Other hurdles are the $628 million, at least, in deferred maintenance costs and the need for  500-600 additional police which is expected to cost between $70 and $100 million. Turner has made no secret of his intention to seek a temporary lift of the city’s property tax cap. If public safety were a top priority, it would be the first thing fully funded. However, the limited budgetary increases in public safety does signal that Turner hopes additional funding will come through an increase in property tax revenue after a successful repeal, or lift, of the cap.

Also not included is the city’s share of Harvey recovery costs, which Turner equates to about $250 to $375 million  over the next five years.

What Does It Mean?

While the budget does provide some cuts, it could go further.

With over 20,000 employees, personnel is 63 percent of the budget, yet the only cuts to be found are 200 positions through attrition. There are undoubtedly additional positions that could be cut or consolidated across the 23 city departments.

Despite property tax revenue increasing 2.4 percent, or $28 million higher than FY18 estimates, long-term debt liability, one-time sources of income, the need for additional resources in public safety, and desire by local officials to remove the city’s property tax cap means they are setting sights on taxpayers’ pocketbooks.

$80 million in department reductions over three years is nothing to scoff at, but there is so much more work that could and should be done by elected officials, especially before coming to taxpayers for more money.

What Can They Do?

Tax Increment Reinvestment Zones (TIRZ) are spread across the city and aren’t limited by the property tax cap. TIRZs could and should be brought under the cap and forced to reimburse taxpayers when they exceed their revenue limitations. Also, TIRZs should be thoroughly audited to look for additional resources or misallocated funds.

The mayor asked each of his departments to cut budgets by five percent. When his Chief of Staff, Marvalette Hunter, was presenting the mayor’s office budget, she stated that the five percent reduction was to come from his overall office budget of $7.4 million. This includes restricted funds for things like IT. Instead, the mayor should lead by example and cut the five percent solely from his discretionary operating budget of $5.4 million.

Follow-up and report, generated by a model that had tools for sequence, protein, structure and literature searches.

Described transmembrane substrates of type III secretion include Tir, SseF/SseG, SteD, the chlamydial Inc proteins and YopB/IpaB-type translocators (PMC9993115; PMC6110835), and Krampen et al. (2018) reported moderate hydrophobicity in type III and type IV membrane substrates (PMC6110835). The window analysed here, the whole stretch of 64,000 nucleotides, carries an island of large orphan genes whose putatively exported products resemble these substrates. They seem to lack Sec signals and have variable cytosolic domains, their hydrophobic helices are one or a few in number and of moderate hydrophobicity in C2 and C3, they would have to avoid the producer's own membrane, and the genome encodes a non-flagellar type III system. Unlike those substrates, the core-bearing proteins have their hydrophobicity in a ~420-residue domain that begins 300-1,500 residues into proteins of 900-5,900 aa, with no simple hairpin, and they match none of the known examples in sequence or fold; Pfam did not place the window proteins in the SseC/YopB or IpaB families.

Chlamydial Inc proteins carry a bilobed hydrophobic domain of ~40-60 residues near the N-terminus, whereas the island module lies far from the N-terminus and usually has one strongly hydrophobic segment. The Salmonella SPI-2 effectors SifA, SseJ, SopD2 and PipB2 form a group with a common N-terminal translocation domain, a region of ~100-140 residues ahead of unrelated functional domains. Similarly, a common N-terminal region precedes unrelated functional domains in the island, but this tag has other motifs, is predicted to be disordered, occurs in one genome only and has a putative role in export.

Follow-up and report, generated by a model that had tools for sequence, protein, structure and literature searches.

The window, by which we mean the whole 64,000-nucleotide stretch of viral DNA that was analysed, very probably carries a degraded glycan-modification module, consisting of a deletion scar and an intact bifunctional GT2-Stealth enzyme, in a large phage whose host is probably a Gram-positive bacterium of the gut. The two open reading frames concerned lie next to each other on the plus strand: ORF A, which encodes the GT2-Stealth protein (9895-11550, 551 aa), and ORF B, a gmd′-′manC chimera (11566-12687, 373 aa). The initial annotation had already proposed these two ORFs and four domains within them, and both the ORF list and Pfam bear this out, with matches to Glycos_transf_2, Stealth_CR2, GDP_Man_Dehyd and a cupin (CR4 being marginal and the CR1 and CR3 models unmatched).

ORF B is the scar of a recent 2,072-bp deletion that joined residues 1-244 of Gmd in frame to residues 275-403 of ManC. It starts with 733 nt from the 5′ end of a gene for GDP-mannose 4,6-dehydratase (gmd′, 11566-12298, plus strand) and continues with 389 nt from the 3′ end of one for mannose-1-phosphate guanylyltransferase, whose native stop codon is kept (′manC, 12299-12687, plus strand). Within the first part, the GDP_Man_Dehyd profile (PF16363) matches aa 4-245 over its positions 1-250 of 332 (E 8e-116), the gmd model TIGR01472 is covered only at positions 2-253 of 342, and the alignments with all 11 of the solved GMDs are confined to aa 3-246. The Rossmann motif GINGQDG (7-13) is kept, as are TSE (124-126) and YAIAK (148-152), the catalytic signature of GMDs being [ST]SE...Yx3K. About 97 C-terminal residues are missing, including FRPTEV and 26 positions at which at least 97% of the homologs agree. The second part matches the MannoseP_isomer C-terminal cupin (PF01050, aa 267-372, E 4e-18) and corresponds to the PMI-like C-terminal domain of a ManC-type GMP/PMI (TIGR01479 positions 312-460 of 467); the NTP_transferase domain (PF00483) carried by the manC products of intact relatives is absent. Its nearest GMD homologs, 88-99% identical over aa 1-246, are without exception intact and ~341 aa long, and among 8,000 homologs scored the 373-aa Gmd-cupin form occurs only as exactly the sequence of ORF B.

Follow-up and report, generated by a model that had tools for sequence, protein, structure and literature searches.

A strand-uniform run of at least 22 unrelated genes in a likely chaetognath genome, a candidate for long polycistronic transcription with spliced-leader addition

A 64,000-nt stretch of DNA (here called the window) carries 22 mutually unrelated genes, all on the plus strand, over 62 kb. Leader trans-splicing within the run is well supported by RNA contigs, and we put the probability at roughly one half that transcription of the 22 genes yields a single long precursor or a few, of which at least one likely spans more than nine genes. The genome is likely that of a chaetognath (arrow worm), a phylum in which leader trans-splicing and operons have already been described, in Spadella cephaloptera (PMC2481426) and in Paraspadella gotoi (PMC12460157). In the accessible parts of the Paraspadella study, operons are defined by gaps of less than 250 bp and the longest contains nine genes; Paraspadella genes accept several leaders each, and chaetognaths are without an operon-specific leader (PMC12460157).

The city should also cease enforcing deed restrictions and allow private property owners and associations to enforce them through the civil court process as virtually every other city does. This costs taxpayers a few hundred thousand dollars annually, depending on how many complaints are filed.

The city can also address the take-home vehicle program managed by the city’s fleet department and is allowing employees to drive tax-funded vehicles as far as DFW.

As mentioned previously, with over 20,000 employees and a budget driven 63 percent by personnel, the city should definitely look at trimming its workforce. A long-term financial report requested by the city showed areas that can be cut: they should follow those recommendations.

The city can also stop paying for tax-funded lobbyists. Outside of the city’s government relations team, they also pay member fees to Texas Municipal League and hire expensive external lobbyists to advocate for their interests in Austin. Unfortunately, elected officials’ interests aren’t always in direct alignment with the average taxpayer, yet it’s the residents who have to pay for the lobbyists fighting against them.

In conclusion, while there are some cuts in this budget, taxpayers shouldn’t ignore that it has increased from last year and the biggest driver of that, personnel and debt, have gone largely ignored. When Turner comes to voters in November pleading for more money, taxpayers have plenty of reason to question giving him more.

Charles Blain

Charles Blain is the president of Urban Reform and Urban Reform Institute. A native of New Jersey, he is based in Houston and writes on municipal finance and other urban issues.